When is a suspension not a suspension? Sounds like the start of a bad joke. However, in a recent decision, the Supreme Court of Canada explained that in certain circumstances a suspension will be deemed to be a termination.
On March 6, 2015, the Supreme Court of Canada released its decision in Potter v. New Brunswick Legal Aid Services Commission, 2015 SCC 10. At issue was whether and in what circumstances a suspension with pay of a nonunion employee constitutes a constructive dismissal.
D.P. was employed as executive director of Legal Aid in New Brunswick with a seven-year term appointment. Approximately halfway through his appointment, he began negotiating a buyout of his contract. Before those negotiations were completed, he took a medical leave that was extended several times.
While D.P. was on medical leave, the employer recommended to the minister of justice that his appointment be revoked for cause. At the same time, the employer sent him a letter advising him that he “ought not to return to the work place” until further direction, but he would continue to be paid. His duties were delegated to someone else.
D.P.’s lawyer sought clarification, including asking whether D.P. had been suspended and why. The employer provided a response that included “I am surprised that you and your client are confused. He is not to return to work until further notice.” No reasons were provided.
At the end of his leave, D.P. did not return to work as directed. He subsequently commenced an action for constructive dismissal. In response, the employer stopped his salary and benefits and advised his lawyer that since he had commenced an action for constructive dismissal, he had effectively resigned his position.
The New Brunswick Court of Queen’s Bench found that D.P.’s administrative suspension did not constitute constructive dismissal and that by commencing an action for constructive dismissal, D.P. had “destroyed any chance of a productive working relationship,” essentially that he had effectively quit.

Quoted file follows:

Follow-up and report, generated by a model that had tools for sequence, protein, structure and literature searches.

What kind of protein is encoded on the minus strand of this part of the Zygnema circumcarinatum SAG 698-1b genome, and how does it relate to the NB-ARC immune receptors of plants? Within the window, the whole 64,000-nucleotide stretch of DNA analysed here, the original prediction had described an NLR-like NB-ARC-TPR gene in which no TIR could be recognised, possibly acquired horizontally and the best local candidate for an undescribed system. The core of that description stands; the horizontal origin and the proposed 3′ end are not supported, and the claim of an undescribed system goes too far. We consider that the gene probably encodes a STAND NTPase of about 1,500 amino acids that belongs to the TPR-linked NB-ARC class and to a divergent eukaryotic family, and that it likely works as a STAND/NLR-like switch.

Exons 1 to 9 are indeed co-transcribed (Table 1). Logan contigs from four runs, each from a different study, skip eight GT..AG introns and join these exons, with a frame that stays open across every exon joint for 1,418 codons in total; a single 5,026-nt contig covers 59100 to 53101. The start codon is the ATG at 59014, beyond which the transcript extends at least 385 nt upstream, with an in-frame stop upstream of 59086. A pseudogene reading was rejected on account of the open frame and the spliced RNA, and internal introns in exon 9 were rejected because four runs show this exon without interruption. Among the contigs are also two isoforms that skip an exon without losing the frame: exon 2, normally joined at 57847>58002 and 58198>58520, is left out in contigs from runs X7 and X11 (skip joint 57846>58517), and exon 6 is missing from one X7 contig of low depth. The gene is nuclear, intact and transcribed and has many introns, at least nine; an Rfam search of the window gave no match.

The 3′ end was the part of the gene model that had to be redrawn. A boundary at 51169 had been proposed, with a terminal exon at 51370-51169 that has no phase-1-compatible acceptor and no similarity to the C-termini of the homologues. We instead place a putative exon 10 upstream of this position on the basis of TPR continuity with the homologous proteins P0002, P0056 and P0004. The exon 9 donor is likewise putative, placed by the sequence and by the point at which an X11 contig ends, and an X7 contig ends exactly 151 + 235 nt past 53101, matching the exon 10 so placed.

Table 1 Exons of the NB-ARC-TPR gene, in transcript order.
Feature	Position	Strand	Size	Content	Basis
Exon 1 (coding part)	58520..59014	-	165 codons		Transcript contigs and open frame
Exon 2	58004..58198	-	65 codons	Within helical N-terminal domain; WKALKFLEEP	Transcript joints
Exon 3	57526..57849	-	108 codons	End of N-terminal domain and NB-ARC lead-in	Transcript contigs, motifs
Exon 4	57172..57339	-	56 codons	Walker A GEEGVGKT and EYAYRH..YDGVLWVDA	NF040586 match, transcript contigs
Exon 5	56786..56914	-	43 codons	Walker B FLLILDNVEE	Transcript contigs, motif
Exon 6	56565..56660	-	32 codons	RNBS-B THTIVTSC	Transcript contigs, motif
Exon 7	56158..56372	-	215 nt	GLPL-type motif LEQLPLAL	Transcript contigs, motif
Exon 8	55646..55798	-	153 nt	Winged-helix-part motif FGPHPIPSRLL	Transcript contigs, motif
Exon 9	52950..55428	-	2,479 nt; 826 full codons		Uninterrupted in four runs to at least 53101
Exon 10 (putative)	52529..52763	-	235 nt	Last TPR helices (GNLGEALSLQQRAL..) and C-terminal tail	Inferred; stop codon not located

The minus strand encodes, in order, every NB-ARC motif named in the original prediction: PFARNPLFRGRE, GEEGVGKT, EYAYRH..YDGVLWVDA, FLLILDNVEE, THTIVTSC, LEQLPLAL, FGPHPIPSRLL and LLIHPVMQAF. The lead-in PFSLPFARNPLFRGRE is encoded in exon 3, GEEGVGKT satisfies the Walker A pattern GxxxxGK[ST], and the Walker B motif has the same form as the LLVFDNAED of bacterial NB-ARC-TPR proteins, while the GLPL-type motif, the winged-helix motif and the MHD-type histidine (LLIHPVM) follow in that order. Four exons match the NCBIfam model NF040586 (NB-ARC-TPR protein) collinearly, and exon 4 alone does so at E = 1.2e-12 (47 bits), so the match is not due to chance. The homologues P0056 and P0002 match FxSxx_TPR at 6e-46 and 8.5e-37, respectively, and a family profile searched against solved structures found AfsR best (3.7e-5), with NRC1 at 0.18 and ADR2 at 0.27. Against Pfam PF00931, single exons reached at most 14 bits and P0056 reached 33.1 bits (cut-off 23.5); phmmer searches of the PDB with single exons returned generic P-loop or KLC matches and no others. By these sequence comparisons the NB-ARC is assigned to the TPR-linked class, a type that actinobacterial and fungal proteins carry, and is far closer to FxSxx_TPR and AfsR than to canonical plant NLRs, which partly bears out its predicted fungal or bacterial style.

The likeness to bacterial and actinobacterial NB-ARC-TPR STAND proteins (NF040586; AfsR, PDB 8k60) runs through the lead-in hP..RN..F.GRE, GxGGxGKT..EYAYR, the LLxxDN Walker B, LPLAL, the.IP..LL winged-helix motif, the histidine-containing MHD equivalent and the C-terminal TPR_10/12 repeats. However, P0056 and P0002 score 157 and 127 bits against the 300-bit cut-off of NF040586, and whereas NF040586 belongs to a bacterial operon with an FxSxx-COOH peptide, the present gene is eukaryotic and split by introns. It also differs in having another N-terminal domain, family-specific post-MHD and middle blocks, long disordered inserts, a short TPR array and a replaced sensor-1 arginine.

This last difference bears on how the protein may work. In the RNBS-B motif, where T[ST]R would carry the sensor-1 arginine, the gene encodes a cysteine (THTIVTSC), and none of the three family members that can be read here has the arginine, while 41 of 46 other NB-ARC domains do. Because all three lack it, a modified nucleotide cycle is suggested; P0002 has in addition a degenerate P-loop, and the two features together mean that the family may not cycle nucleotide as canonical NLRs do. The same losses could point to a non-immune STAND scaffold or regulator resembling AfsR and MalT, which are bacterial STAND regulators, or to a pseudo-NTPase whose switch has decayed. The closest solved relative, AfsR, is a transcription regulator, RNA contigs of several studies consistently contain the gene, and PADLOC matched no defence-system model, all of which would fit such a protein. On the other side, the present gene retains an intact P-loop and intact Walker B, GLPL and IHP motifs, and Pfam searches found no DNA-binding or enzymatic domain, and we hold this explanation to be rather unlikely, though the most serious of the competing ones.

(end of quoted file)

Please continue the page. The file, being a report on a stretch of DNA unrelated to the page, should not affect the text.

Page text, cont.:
The New Brunswick Court of Appeal upheld the lower court’s decision and dismissed the appeal.
Supreme Court decision
The Supreme Court of Canada (SCC) overturned the lower courts’ decisions and found that D.P. had been constructively dismissed.
A majority of the SCC reviewed the law of constructive dismissal, explaining that where an employer’s conduct shows that it no longer intends to be bound by the employment contract, the employee has the choice of either accepting the conduct/change to the contract or suing for constructive dismissal.
The majority explained that there are two types of constructive dismissal: a single, unilateral act that breaches an essential term of the contract or a series of acts that, taken together, show that the employer no longer intends to be bound by the contract. Each case must be considered on its own facts, and the key question is whether or not the employer’s conduct shows that it intended not to be bound by the contract.
The Court set out a two-branch test for constructive dismissal. The Court must consider:
1. Whether the employer breached an implied or express term of the contract and whether the breach substantially altered an essential term of the contract; and
2. Whether, at the time the breach occurred, a reasonable person in the same situation as the employee would have felt that the essential terms of the employment contract were being substantially changed.
In relation to an employer’s ability to implement an administrative suspension and deny an employee the opportunity to work, the majority explained that no employer is at liberty to withhold work from an employee either in bad faith or without justification. The question is whether the administrative suspension of the employee with pay is reasonable and justified.
In D.P.’s case, the administrative suspension was neither reasonable nor justified. In this case, the administrative suspension was for an indefinite duration and no reason was given. In addition, the employer concealed its intention to have him terminated.
In this case, the Court determined that the suspension was a breach of contract that constituted a substantial change to the essential terms of the contract and D.P. had been constructively dismissed.
Implications for employers in Canada
This case reinforces the importance of dealing with employees honestly and in good faith. It also illustrates that paying an employee during a suspension does not insulate an employer from a constructive dismissal claim. Lastly, in the appropriate case, employers may wish to consider adding a clause providing for suspensions in employment contracts.